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Alcoholism is a condition resulting from excessive drinking of beverages that contain alcohol. Alcoholism, also known as alcohol dependence, is a disease that includes the following four symptoms:

  • Physical dependence - withdrawal symptoms, such as nausea, sweating, shakiness and anxiety after stopping drinking
  • Tolerance - the need to drink greater amounts of alcohol to get ‘high’
  • Craving - a strong need, or urge, to drink
  • Loss of control - not being able to stop drinking once drinking has begun

Heavy drinking is widespread. According to the 2013 National Drug Strategy Household Survey, 21 per cent of recent drinkers aged 14 or older put themselves or others at risk of harm while under the influence of alcohol in the previous 12 months. Overall, around 26 per cent of persons aged 14 years and over have put themselves at risk of alcohol-related harm in the short term on at least one drinking occasion during the last 12 months and 18.2 per cent of men and women over the age of 14 years consumed alcohol in a way considered risky or a high risk to health in the long term, placing themselves at increased risk of future health and social problems. Although the number of persons consuming alcohol daily, declined between 2010 (7.2%) and 2013 (6.5%) and the proportion of pregnant women abstaining during pregnancy increased slightly from 49 per cent to 53 per cent.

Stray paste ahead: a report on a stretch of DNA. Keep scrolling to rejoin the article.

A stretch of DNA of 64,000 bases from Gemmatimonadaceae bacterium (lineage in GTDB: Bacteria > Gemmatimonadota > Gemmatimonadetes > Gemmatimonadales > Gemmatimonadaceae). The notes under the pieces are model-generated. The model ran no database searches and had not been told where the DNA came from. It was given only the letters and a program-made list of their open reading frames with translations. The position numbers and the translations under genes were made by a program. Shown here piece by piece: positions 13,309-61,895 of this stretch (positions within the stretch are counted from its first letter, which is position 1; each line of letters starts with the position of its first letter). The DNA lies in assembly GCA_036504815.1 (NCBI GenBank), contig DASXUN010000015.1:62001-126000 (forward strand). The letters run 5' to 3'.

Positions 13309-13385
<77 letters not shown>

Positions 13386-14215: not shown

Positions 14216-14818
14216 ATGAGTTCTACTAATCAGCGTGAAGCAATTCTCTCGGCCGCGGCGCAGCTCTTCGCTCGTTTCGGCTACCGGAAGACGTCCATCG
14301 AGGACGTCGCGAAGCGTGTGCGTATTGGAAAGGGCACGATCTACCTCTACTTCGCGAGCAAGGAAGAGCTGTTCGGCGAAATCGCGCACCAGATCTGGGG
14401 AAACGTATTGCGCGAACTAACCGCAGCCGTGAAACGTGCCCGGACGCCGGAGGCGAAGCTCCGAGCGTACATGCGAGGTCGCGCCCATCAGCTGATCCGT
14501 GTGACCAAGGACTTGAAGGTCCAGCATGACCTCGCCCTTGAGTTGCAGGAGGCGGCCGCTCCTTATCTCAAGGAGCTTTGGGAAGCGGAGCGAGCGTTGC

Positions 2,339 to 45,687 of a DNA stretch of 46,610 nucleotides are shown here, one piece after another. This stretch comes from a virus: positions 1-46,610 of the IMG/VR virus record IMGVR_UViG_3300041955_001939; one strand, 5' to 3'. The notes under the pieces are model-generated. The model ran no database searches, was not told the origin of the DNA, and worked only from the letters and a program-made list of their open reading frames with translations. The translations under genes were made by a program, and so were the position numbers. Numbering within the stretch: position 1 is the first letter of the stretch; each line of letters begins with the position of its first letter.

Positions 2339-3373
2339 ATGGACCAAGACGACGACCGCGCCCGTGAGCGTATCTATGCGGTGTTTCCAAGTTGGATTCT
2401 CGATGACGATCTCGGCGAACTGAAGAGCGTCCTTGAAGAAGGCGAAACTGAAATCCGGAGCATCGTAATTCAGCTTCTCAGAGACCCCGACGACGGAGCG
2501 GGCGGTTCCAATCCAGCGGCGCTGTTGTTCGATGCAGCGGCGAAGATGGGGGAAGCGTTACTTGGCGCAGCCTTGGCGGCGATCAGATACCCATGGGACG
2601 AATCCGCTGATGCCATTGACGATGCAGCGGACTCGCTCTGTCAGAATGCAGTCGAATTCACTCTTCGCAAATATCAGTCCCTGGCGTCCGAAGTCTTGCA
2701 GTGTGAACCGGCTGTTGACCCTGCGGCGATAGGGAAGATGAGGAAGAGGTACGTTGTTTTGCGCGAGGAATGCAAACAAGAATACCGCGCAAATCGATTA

The major health risks of alcoholism include trauma, liver disease, heart disease, certain forms of cancer, pancreatitis and nervous system disorders (mental illness). These conditions often develop gradually and may only become evident after long-term heavy drinking. Women also tend to develop health problems before men. The liver is particularly vulnerable to diseases related to heavy drinking, most commonly alcoholic hepatitis (inflammation) or cirrhosis (scarring of the liver).

Experts have defined a second problem, called alcohol abuse, as something different from alcoholism. The difference is that those who abuse alcohol do not have an extremely strong craving for alcohol, loss of control over drinking, or physical dependence. People who abuse alcohol also can develop the physical symptoms related to alcoholism. Alcohol abuse is defined as a pattern of drinking that results in particular situations, such as failure to fulfil work, school or home duties, or having recurring alcohol-related legal problems, such as arrests for driving under the influence of alcohol.

Last Review Date: March 6, 2017

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